Transparency as a core value for Trust

Pascale Searle
The recent Facebook and Cambridge Analytica[1] scandal raised once again concerns about the never ending dilemma between the power that social media giants have gained thanks to consumers’ personal data and the risks that misuse of this data can generate.

Time horizon

April 2018

Importance for Trustworthiness

Total votes: 22

Opportunity

The recent Facebook and Cambridge Analytica[1] scandal raised once again concerns about the never ending dilemma between the power that social media giants have gained thanks to consumers’ personal data and the risks that misuse of this data can generate.

Whether in this case the issue was caused by the lack of transparency on how Facebook data can be used or rather to the limited control of how third party developers might misuse those data, the overall situation showed once again how trust is at stake for social media platforms when consumer personal data is not managed properly.

As result, reputation damages and lack of trust undermine the foundations on which social media platform built their business model. They combine in just one place, both the elements that have fueled so far the Internet’s most profitable business model: the targeted advertisement.

In fact, by offering and exploiting a number of perks that keep people always engaged and tempted to share even more of their habits and preferences, social media successfully managed to capture a lot of users data, while maintaining high their users’ desire to spend time on the platform itself.

This constitutes a goldmine for advertisers, because they get both in one place: the data to identify their targets and the targets themselves. This resulted in a much simpler model which was easier to adopt than the traditional one, rendered possible by cookie tracking across the entire World Wide Web or through access to search engines.

While this model can hardly be expected to change in the short term, despite concrete expectations that better use of personal data and personalization will open new business models and opportunities, consumers nevertheless deserve to better understand the implications of this industry of which they are an integral part.

It is known that consumers don’t like to read long and legalese privacy policies[2], whether because of their length and complexity or the pressing individual need to access the offered service, no matter what.

To mitigate this information fatigue and fuel more informed decisions, the upcoming General Data Protection Regulation (aka GDPR), in force in the EU Member States from May 25th, is demanding for more concise, easy-to-understand Information Notice statements.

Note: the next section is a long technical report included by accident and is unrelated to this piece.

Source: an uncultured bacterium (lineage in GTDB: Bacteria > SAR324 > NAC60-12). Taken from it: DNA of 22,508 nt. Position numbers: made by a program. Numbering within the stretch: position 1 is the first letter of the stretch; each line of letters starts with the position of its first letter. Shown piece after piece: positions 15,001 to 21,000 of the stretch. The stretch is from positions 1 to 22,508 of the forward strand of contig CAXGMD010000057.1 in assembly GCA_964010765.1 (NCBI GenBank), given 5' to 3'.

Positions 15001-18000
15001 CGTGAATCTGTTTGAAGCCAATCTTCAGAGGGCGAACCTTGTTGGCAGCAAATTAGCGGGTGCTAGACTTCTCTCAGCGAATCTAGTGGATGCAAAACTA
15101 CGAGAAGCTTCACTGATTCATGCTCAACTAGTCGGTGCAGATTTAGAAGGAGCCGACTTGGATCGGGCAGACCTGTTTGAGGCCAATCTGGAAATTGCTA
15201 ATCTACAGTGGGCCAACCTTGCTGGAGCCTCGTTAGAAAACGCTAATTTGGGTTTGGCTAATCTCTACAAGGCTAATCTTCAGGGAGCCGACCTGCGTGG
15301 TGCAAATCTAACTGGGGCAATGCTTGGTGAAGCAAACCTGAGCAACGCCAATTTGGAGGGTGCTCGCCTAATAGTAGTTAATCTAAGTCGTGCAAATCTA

While a number of different examples started to emerge with companies, including Facebook and its total redesign of their Privacy Center[3] in an attempt to increase transparency on how customers data are used, a simple and concise way to do that is still a long way to go[4]. Transparency still struggles to become synonymous for accessibility.

To understand how to truly achieve transparency and accessibility, we need to answer a few questions:

  • What do businesses want to hide?
  • Will they really lose customers by increasing transparency or intestead obtain the opposite, increase trust through transparency?
  • And if so, what does transparency mean for consumers?
  • And finally, why not design transparent and accessible systems by first collecting and investigating the users’ feedback on the different attempts so far made?

In order to happen and be useful, this dialogue needs some coordination across a number of involved stakeholders. The TRUESSEC.EU project is a European initiative, funded under the EU’s Horizon 2020 framework programme. It aims to provide guidelines on how trust in digital services can be re-built by starting from a consumer perspective and by valuing first human rights more than business needs. Transparency and accessibility are at the core of this attempt of re-instantiating trust. However, it is clear that existing barriers for their adoption need to be understood and a way to overcome them co-created with all the interested stakeholders (consumer associations, service and technology providers, regulatory and standardisation bodies etc).

To do that, TRUESSEC.EU created the Stakeholder Online Platform (SHOP) to foster this and other debates and to subsequently translate the summary of these discussions into Recommendations for the European Union. The result should be the creation of a scheme that will help businesses of all sizes and sectors to build, regain and measure the trust that will fuel the engagement of their customers.

If you want to contribute to this debate, follow the progress of the TRUESSEC.EU project and have your say on how the final Recommendations will develop,  just join us at https://truessec.eu

[1] https://www.theguardian.com/technology/2018/apr/04/facebook-cambridge-analytica-user-data-latest-more-than-thought

[2] Doteveryone report 2018: People, Power and Technology. http://attitudes.doteveryone.org.uk

[3] https://techcrunch.com/2018/04/17/facebook-gdpr-changes/amp/?__indieweb_impression=true

[4] http://www.digitalcatapultcentre.org.uk/wp-content/uploads/2018/04/Personal_Data_Receipts_r1.5.pdf

 

Challenge

To understand how to truly achieve transparency and accessibility, we need to answer a few questions:

  • What do businesses want to hide?
  • Will they really lose customers by increasing transparency or intestead obtain the opposite, increase trust through transparency?
  • And if so, what does transparency mean for consumers?
  • And finally, why not design transparent and accessible systems by first collecting and investigating the users’ feedback on the different attempts so far made?

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